> 'I have heard of the moon, yes. But none of these other things.'
> 'You must remember,' Hanmer says, 'that your period occupies an
> extremely narrow segment of the band of time. Information crammed
> into a narrow bandwidth becomes blurred and distorted. Is it
> surprising that your heroes are forgotten? What seems like a
> powerful signal to you is merely a momentary squirt of noise to us.
> We perceive a much broader band.'
> 'You speak to me of bandwidths?' Clay asks, astounded. 'You lose
> Shakespeare and keep technical jargon?'
> -- _Son of Man_ (1971)
> Robert Silverberg
"J. R. Molloy" wrote:
> Better to catch a single glimpse of the boundless universe beyond ideation
> than to live forever with Homer and Michelangelo and Sophocles in the museum
> of dead ideas.
Well, I have to admit that while I found the Silverberg quote exceedingly memorable
(it's stuck in my mind for 30 years -- not word for word, but the gist of
it) I find the viewpoint expressed by Robert Wright in _Nonzero: The Logic of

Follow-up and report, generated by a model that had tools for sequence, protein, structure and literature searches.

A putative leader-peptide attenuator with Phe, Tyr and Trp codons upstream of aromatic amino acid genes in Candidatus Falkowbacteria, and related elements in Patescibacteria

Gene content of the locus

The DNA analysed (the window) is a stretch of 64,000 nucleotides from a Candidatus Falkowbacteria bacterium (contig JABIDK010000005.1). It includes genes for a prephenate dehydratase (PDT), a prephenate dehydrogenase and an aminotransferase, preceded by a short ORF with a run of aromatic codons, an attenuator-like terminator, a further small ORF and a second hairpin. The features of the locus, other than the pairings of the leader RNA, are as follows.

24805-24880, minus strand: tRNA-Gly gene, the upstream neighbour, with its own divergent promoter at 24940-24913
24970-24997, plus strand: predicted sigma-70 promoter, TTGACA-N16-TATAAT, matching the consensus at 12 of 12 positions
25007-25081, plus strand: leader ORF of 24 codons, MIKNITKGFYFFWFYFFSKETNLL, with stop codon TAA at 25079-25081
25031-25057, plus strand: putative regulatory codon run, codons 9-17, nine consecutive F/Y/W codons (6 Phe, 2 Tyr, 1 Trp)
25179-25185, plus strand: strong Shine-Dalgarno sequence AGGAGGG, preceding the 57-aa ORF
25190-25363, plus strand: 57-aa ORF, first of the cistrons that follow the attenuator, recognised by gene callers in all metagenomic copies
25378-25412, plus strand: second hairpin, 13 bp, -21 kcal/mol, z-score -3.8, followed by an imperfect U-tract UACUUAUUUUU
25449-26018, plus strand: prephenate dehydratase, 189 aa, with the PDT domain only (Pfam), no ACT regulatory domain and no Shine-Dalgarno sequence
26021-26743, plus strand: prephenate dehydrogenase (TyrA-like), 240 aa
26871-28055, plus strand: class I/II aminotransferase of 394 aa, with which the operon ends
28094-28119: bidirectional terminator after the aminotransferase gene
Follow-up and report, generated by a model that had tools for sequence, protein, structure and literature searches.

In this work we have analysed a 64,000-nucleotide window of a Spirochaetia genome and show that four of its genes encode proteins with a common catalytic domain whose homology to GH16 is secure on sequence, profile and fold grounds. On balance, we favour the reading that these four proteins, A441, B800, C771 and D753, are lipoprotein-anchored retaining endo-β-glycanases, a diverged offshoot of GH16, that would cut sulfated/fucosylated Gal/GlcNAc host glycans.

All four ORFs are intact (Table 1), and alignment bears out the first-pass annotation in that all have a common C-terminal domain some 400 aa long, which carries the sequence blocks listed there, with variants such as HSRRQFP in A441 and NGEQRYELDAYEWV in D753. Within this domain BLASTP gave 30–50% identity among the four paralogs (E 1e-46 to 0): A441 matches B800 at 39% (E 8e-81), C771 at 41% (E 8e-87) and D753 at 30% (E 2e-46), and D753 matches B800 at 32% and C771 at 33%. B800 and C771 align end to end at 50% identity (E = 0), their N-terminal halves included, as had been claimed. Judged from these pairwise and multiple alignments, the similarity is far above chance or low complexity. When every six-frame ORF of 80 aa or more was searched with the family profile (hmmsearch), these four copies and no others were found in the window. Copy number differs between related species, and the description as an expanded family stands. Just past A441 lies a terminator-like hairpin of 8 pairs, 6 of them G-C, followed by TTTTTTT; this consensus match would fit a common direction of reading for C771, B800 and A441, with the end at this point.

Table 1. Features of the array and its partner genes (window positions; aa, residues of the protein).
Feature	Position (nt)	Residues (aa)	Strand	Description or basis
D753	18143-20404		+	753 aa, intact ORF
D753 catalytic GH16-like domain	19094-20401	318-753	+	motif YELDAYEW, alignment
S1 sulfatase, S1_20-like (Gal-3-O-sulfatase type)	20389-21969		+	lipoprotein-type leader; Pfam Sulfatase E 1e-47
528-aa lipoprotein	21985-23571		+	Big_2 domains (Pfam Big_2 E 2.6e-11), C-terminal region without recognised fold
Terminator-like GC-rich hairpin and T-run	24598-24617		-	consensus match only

Human Destiny_ more sensible (Philistine that I am).
Chapter 11, "Dark Ages", section "The World Makes Backup Copies":
"In _How the Irish Saved Civilization_, [Thomas] Cahill gasps at what might
have been lost in the barbarian invasions. 'Had the destruction been complete --
had every library been disassembled and every book burned -- we might have
lost Homer and Virgil and all of classical poetry, Herodotus and Tacitus and
all of classical history, Demosthenes and Cicero and all of classical
oratory, Plato and Aristotle and all of Greek philosophy, and Plotinus and
Porphyry and all the subsequent commentary.'
Well, them's the breaks. But what the people of the early Middle Ages most
needed wasn't a good stiff dose of Demosthenes. They needed mundane things,
such as a harness that wouldn't press on a horse's windpipe...
These sorts of memes -- nuts and bolts, practical technologies -- are more
durable than those generated by, say, Sophocles, most of whose plays were
lost forever... [L]iterature is nice, but putting food on the table is
Given this indomitability of technological evolution, it follows that cultural
evolution more broadly -- growth in the degree and scope of social
complexity, and of non-zero-sumness -- is similarly hard to stop. **If**,
that is, this social evolution depends fundamentally on technological
evolution, and not on the chance preservation of particular works of
literature or poetry or philosophy..."
> 'You lose Shakespeare and keep technical jargon?'
This archive was generated by hypermail 2b30 : Mon May 28 2001 - 09:59:45 MDT